"We have one of the lowest mortality rates anywhere," the president said Monday.

False. The truth is that the United States has one of the highest mortality rates per capita. Of the 20 countries currently most affected worldwide, the U.S. has the second-highest rate of deaths per 100,000 people, behind only the United Kingdom.

These boasts reflect a stunning lack of insight into how this disease works, as well as a repudiation of public health experts' warnings that the recent surge in cases may well lead to a surge in deaths. This is because COVID-19 deaths are a lagging indicator, meaning they take time to occur after someone is infected. It takes up to one month for someone to be exposed to coronavirus, fall severely ill, need mechanical ventilation and ultimately die from the disease.

And now, one month after experts noted a surge in U.S. cases, the death toll has started to tick up. Florida and Texas are reporting record-high death rates for their states. The seven-day average of deaths in the United States is now the highest since mid-June and likely will only continue to rise as hospitals in hot spots are overwhelmed.

Long-Term Effects

However, for a clinician taking care of COVID-19 patients, the most unsettling of Trump's claims have been his medical musings that have no basis in science. This includes his comments undermining the severity of infection.

In February, the president told Americans to treat the novel coronavirus "like the flu." Most recently, at a Fourth of July celebration, Trump falsely claimed that "99 percent" of coronavirus cases are "totally harmless."

Pinning down an exact infection fatality ratio—the likelihood that someone will die if they contract COVID-19—is hard, but many experts believe it may be close to 1 percent. Perhaps that is what the president meant. However, even with such a low rate of death, if all Americans were infected with this virus, that means over 3.2 million would die. That would be about three times as many Americans who have died in all U.S. wars combined.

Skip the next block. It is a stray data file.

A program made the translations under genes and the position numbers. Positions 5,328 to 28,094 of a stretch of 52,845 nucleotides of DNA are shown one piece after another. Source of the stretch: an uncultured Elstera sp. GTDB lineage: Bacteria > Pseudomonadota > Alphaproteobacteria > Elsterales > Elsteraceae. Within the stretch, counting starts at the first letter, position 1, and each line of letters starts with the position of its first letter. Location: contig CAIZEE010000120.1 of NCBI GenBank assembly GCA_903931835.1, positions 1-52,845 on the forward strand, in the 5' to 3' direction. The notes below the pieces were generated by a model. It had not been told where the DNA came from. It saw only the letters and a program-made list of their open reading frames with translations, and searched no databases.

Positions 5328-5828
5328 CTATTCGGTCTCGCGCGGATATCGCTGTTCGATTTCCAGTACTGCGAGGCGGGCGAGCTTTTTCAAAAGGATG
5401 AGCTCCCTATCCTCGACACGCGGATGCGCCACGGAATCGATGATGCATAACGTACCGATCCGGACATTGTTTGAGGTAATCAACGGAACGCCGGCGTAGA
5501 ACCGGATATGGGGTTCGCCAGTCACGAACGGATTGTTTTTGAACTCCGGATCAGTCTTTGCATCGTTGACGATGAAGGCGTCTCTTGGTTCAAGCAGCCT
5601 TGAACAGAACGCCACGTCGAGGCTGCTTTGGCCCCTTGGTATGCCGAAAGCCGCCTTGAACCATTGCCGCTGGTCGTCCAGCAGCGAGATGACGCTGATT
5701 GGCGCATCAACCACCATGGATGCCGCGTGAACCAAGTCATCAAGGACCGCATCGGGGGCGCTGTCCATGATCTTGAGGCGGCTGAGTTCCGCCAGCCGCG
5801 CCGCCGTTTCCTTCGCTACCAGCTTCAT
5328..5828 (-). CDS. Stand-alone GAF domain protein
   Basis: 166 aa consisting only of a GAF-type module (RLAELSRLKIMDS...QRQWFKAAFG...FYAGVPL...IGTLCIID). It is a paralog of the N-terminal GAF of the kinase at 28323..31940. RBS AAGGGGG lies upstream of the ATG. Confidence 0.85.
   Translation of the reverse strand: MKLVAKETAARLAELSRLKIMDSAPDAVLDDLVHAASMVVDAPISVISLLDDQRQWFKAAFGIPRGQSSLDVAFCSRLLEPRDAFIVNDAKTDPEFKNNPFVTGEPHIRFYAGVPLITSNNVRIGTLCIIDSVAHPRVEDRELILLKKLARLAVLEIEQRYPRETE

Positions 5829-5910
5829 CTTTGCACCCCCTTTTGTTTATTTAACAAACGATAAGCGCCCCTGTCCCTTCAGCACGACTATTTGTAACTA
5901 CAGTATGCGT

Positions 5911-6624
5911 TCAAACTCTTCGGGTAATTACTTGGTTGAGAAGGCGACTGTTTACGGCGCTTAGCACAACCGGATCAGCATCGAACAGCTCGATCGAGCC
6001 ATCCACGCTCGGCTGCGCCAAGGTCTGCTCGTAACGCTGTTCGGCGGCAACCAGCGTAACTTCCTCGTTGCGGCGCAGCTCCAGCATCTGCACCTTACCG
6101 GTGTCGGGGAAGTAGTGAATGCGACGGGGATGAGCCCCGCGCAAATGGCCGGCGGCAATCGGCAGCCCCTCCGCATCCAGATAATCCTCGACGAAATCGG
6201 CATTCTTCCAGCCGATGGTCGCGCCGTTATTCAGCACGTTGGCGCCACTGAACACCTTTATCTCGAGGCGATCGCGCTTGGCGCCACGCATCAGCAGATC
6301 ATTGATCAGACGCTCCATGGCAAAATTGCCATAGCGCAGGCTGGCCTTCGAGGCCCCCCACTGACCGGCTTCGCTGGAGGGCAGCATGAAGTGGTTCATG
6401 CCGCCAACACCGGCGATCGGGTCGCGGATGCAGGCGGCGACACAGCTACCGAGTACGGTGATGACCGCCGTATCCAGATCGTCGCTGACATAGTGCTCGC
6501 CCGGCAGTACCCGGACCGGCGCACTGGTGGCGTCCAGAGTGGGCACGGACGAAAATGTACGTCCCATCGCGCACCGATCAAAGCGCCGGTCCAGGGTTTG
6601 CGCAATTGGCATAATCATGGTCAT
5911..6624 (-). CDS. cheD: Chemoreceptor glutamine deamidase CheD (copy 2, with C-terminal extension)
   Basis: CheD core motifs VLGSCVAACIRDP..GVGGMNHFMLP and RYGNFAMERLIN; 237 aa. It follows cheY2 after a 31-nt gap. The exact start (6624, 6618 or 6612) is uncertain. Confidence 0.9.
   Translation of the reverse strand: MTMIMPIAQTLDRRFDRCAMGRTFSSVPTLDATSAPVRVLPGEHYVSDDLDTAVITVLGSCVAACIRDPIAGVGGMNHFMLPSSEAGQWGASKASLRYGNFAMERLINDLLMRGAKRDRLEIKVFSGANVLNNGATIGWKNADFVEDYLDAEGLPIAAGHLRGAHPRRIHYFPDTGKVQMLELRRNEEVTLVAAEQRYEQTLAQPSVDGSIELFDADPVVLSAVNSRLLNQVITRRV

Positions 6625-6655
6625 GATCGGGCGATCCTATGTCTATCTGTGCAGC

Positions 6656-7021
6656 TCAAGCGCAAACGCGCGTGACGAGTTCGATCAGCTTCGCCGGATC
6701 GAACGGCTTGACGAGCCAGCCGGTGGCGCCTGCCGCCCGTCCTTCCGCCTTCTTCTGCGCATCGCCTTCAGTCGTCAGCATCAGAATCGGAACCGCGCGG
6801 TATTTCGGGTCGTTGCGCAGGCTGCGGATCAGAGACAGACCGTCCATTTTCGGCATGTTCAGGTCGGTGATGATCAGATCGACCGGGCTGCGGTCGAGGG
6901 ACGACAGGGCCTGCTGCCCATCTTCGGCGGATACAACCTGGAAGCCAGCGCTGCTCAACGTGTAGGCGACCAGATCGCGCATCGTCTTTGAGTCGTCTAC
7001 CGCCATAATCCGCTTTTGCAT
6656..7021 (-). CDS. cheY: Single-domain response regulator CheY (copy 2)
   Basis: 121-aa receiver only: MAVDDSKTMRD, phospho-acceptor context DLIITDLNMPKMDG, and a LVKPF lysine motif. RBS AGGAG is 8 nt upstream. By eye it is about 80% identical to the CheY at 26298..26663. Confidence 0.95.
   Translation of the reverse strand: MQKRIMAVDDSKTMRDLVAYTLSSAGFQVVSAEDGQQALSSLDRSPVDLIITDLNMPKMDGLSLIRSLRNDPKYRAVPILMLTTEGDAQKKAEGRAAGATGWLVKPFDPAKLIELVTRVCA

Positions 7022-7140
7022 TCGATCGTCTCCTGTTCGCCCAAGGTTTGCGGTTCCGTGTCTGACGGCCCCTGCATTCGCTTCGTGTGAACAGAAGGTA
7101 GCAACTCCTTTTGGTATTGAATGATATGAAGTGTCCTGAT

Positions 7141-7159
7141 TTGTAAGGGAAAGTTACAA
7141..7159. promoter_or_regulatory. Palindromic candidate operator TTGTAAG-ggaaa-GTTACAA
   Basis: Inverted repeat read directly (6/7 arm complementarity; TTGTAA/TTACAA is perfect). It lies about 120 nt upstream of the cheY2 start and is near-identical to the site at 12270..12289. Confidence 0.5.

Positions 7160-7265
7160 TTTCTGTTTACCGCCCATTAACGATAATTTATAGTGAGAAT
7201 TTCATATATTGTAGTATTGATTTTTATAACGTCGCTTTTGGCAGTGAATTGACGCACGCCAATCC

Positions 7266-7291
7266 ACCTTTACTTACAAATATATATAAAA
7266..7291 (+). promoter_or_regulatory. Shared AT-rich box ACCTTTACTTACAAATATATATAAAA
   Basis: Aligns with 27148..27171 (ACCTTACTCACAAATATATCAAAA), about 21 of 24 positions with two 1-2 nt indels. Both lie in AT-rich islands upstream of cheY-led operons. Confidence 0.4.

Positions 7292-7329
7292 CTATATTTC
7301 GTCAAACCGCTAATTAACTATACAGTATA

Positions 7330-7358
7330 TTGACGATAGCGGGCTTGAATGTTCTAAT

But just because someone survives the coronavirus doesn't mean it was "totally harmless." As someone who survived Ebola, I know very well that viral illnesses often cause chronic conditions, and there is a growing body of stories and evidence that suggest survivors of COVID-19 suffer from debilitating long-term consequences. We don't know exactly how survivors will be affected over the years, but we have already seen an increase in the rate of strokes, heart problems, blood clots and mental health disorders.

President Donald Trump
U.S. President Donald Trump speaks to reporters on the South Lawn of the White House before boarding Marine One on July 15 in Washington, D.C. Drew Angerer/Getty

What we have witnessed throughout this pandemic in the United States is a deliberate undermining of science and public health expertise by the president. Our greatest medical experts have been sidelined, while the opinions of Trump and other politicians unqualified to comment on scientific issues have been amplified. This, more than any other factor, explains why we have the greatest number of COVID-19 cases in the world. And the greatest number of COVID-19 deaths.

If Trump truly wants to pull America from this unprecedented crisis, he needs to give public health professionals a stage and a microphone. Not yell and tweet falsehoods over them.

Craig Spencer, M.D., M.P.H., is the director of Global Health in Emergency Medicine at New York-Presbyterian/Columbia University Medical Center. His Twitter handle is @Craig_A_Spencer.

The views expressed in this article are the authors' own.